“I had a sense of adventure and wanted to explore the world, to learn and share about the world’s diversity,” Ansell says, adding, “My dream came true when I was recruited by ATC. My father was not happy with my career choice but was impressed when later I was promoted to reservations and sales officer, a job I did for eight years.”

She was born in Hedaru in Kilimanjaro region in a family of 12 siblings. She moved to Moshi for work and still lives there.

Going solo

In 1985, she decided to quit her job and set up a travel agency. With her experience in the hospitality and travel industry from ATC, it was not a big career leap and she knew what it takes to sell tickets for various airlines flying to northern Tanzania.

“It was a hard in the beginning because the Moshi business scene was male-dominated,” she says.

It immediately dawned on her how hard it was to start a business when she struggled to get a licence and accreditation from the Ministry of Natural Resources and Tourism and the International Air Transport Association (IATA).

Even when she eventually got the licence, she got no clients and made no money from the business for more than a year.

She recalls: “Getting the operating licence and registration was not easy but operating in the industry was even harder. It was aggressive and male-dominated.

“With the IATA registration, I started booking and selling tickets for international airlines such as KLM and Lufthansa. Unfortunately, three years later, the industry suffered a downturn and I could barely break even.

“One day as I was having my morning cup of coffee, I glanced up and saw the shining snowy cap of Mount Kilimanjaro. I had a epiphany moment and the idea to establish a tour company selling safaris and expeditions to Mount Kilimanjaro was born. That is how Zara Tanzania Adventures came to be,” she says.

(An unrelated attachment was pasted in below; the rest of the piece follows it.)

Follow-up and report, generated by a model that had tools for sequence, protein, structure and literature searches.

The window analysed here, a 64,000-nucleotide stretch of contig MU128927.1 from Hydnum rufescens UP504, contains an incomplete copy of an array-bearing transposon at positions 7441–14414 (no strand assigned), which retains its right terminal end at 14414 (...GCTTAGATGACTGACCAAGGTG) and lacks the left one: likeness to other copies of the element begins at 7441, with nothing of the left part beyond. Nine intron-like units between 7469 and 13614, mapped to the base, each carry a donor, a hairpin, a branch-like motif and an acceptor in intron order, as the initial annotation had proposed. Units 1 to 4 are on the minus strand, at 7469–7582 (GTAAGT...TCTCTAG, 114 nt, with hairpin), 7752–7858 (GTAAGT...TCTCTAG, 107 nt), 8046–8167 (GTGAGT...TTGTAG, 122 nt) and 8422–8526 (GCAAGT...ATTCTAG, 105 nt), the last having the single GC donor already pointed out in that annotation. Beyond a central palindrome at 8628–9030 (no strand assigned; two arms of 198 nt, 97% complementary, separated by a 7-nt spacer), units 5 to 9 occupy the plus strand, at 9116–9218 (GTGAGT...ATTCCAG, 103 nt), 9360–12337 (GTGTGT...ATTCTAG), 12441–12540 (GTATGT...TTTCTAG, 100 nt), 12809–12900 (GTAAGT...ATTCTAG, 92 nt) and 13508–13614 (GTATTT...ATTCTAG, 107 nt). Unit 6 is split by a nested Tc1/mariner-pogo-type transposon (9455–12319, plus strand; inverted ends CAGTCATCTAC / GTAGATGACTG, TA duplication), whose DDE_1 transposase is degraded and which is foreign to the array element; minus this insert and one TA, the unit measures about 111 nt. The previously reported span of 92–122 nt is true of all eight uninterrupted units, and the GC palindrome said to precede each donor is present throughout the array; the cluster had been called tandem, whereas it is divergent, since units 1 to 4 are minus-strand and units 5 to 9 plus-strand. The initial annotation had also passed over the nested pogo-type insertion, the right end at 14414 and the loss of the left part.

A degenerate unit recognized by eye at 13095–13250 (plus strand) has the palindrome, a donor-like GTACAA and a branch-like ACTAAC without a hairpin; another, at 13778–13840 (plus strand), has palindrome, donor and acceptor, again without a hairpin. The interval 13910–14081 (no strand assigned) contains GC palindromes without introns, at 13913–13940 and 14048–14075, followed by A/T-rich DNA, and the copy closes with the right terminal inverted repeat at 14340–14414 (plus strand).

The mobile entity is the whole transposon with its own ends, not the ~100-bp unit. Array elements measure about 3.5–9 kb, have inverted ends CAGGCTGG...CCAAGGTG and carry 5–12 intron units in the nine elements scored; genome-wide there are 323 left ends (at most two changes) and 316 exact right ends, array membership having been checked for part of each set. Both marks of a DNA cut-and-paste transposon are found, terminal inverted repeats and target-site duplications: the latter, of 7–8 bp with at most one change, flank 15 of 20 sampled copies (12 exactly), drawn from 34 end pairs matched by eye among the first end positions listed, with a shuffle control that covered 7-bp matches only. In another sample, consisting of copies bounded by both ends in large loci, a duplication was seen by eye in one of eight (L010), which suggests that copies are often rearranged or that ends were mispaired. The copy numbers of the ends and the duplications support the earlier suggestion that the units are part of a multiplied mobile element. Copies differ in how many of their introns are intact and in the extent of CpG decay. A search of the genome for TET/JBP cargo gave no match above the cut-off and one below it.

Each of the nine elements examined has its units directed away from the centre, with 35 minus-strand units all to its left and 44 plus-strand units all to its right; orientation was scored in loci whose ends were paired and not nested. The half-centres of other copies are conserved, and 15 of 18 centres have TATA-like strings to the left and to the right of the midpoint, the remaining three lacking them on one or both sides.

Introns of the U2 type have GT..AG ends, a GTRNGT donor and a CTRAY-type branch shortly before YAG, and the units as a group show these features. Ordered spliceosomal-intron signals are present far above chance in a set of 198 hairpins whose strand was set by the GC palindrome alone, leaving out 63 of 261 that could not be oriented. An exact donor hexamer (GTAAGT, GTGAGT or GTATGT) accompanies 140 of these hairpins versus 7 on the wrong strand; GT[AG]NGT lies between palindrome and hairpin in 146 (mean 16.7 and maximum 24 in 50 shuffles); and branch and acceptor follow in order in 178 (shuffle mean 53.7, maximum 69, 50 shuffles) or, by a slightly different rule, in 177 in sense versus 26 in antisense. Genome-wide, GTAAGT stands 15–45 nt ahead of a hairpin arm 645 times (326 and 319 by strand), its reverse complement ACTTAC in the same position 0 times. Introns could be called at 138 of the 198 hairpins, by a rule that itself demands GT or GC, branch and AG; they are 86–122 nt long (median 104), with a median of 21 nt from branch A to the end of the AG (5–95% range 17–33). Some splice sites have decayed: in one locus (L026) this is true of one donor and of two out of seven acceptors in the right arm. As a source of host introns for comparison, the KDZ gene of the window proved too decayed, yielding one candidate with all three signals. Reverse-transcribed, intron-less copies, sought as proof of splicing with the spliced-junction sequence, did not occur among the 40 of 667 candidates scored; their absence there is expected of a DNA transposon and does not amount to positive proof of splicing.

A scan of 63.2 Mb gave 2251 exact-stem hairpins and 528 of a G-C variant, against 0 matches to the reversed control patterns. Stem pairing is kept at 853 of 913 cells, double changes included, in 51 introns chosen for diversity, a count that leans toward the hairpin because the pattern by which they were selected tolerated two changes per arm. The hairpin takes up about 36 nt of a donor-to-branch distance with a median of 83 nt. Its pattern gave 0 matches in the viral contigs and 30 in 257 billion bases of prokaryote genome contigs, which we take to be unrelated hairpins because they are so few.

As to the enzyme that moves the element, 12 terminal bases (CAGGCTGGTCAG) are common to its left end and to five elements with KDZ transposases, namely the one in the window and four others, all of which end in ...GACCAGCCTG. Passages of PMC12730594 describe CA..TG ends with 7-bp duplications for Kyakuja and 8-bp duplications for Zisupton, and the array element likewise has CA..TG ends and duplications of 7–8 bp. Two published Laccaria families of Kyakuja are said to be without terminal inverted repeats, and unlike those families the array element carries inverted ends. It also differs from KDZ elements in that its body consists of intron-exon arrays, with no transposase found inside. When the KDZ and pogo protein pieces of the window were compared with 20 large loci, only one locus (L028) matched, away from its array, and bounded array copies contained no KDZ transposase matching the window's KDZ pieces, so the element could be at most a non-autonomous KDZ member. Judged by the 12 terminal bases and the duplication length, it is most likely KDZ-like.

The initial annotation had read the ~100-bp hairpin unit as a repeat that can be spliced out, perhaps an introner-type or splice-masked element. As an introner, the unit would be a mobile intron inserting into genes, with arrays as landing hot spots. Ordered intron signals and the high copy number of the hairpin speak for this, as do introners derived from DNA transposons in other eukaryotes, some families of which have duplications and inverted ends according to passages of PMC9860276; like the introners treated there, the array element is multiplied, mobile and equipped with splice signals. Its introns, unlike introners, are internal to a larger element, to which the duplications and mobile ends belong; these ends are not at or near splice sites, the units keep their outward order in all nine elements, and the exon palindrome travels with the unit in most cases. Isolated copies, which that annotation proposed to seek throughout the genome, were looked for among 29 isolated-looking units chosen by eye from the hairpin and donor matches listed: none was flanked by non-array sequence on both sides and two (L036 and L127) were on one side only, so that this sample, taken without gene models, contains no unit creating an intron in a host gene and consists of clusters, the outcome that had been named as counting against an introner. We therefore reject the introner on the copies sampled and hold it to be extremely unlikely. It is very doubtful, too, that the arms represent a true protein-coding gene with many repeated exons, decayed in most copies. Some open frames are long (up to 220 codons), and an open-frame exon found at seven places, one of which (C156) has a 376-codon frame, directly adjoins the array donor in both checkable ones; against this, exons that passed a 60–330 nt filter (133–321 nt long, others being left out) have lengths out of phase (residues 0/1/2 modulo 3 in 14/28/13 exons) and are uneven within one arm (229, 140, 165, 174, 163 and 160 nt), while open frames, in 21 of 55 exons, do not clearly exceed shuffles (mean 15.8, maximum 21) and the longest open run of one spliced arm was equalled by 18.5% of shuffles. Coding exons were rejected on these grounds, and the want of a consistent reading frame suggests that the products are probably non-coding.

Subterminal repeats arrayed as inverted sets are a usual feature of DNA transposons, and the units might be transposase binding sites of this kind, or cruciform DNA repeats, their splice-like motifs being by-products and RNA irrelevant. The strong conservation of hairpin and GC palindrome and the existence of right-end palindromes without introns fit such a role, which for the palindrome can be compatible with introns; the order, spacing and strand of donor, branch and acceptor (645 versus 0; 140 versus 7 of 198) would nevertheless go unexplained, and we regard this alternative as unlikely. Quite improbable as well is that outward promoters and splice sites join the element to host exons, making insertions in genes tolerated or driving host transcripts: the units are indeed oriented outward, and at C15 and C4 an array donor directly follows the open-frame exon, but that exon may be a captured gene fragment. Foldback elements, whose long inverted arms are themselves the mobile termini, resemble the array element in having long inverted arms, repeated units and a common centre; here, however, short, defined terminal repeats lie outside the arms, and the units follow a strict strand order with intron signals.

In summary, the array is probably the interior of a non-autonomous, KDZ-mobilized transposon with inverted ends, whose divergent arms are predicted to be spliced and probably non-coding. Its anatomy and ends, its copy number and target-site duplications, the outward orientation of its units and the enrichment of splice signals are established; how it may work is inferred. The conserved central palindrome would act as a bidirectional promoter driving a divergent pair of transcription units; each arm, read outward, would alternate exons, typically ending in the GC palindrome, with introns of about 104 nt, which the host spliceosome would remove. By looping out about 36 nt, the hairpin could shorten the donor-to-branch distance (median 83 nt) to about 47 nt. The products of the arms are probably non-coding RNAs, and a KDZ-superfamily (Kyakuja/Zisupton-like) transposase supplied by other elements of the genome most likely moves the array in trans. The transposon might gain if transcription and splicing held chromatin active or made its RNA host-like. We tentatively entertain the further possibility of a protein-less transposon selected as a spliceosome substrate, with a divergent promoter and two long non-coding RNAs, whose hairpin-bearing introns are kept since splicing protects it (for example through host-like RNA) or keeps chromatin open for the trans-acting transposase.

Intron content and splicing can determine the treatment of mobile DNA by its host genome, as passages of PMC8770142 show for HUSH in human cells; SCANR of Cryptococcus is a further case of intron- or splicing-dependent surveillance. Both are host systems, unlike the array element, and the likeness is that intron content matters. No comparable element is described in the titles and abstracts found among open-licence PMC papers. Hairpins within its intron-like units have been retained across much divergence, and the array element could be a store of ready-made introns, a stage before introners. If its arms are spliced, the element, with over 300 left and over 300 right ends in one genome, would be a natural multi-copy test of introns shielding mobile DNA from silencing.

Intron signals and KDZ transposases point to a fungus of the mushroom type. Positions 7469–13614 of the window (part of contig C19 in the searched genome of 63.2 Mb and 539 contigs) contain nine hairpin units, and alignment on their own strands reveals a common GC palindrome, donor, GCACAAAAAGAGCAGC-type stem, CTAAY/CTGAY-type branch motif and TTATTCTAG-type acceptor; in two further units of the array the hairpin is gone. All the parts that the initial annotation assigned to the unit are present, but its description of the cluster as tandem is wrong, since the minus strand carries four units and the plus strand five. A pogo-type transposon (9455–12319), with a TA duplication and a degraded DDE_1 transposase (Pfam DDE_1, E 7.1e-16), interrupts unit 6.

With her savings and only three tour vans, she set off on an adventure.

“Of course, back then, we didn’t have all this technology, so I relied on word of mouth to market my business. I would even go to the bus terminus to tout for clients. The few clients I got were very impressed with my service and referred others to me. It is that drive to go the extra mile for my clients that earned me my reputation,” Ansell says.

“I am humbled and excited every time I shape people’s adventures and enrich their life experiences. I am contributing to global diversity by selling memorable experiences,” she says.

Zara Tours has grown into one of the largest safari operators in northern Tanzania, the epicentre of the safari in Tanzania.

The company is currently managing various tourist hotels and tented camps on the northern Tanzania tourist circuit; High View Hotel Karatu, High View Coffee Lodge, Serengeti Wild Camp, Ngorongoro Wild Camp, Serengeti- Ikoma Wild Camp, Serengeti Safari Lodge, Serengeti Wildebeest Camp and Ngorongoro Safari Lodge.

Zara Tours is known for its VIP safaris and honeymoon holidays. But it also offers regular tours, airport transfers, city-to-city transfers and ground handling services for individuals, groups and corporates.

“Being a woman has never stopped me from pursuing a career in tourism. I am very strong willed, always ready to work hard and I was determined to break the glass ceiling to realise my dream,” she says.

In 2000, Zara opened the Springlands Hotel, a true “home away from home” in Moshi, with 80 rooms and that which also serves as the company’s headquarters.

Ansell started with three tour vans and today the company has a fleet of over 70 four-wheel luxury safari vehicles.

Community work

Because it focuses on expeditions to and around Mt Kilimanjaro, Zara Tanzania Adventures has over 70 mountain guides and around 300 freelance porters.

As a way of giving back to the community, Zara encourages the guides and porters to join relevant professional organisations through which they are supported to buy health insurance, operate bank accounts and get skills training to serve international tourists.

On the proposed cable car project on Mt Kilimanjaro, Ansell says it is still a concept that could have both negative and potentially lucrative effects.

Like any other idea being introduced to a community for the first time, Ansell thinks it may unlock a niche for Kilimanjaro.

However, a cost-benefit analysis needs to be done to preserve Kilimanjaro’s glory as the rooftop of Africa and its significance to the host community and destination Tanzania at large.

In 2009, Ansell launched Zara Charity to help in the provision of free education to a marginalised communities. Currently it supports the education of 90 children in the Ngorongoro Conservation Area.

Last year, Ansell was among top 100 women in Africa honoured for their excellence in tourism development on the continent during the Akwaaba African Travel Market in Nigeria.

She received an award in the category for Leaders, Pioneers, and Innovators in Africa category.

*Next Week: Part two of this article on tourism investors will feature Kenya’s Simon Kabu, co-founder and managing director of Bonfire Adventures, best known for making domestic and international tourism affordable to ordinary Kenyans.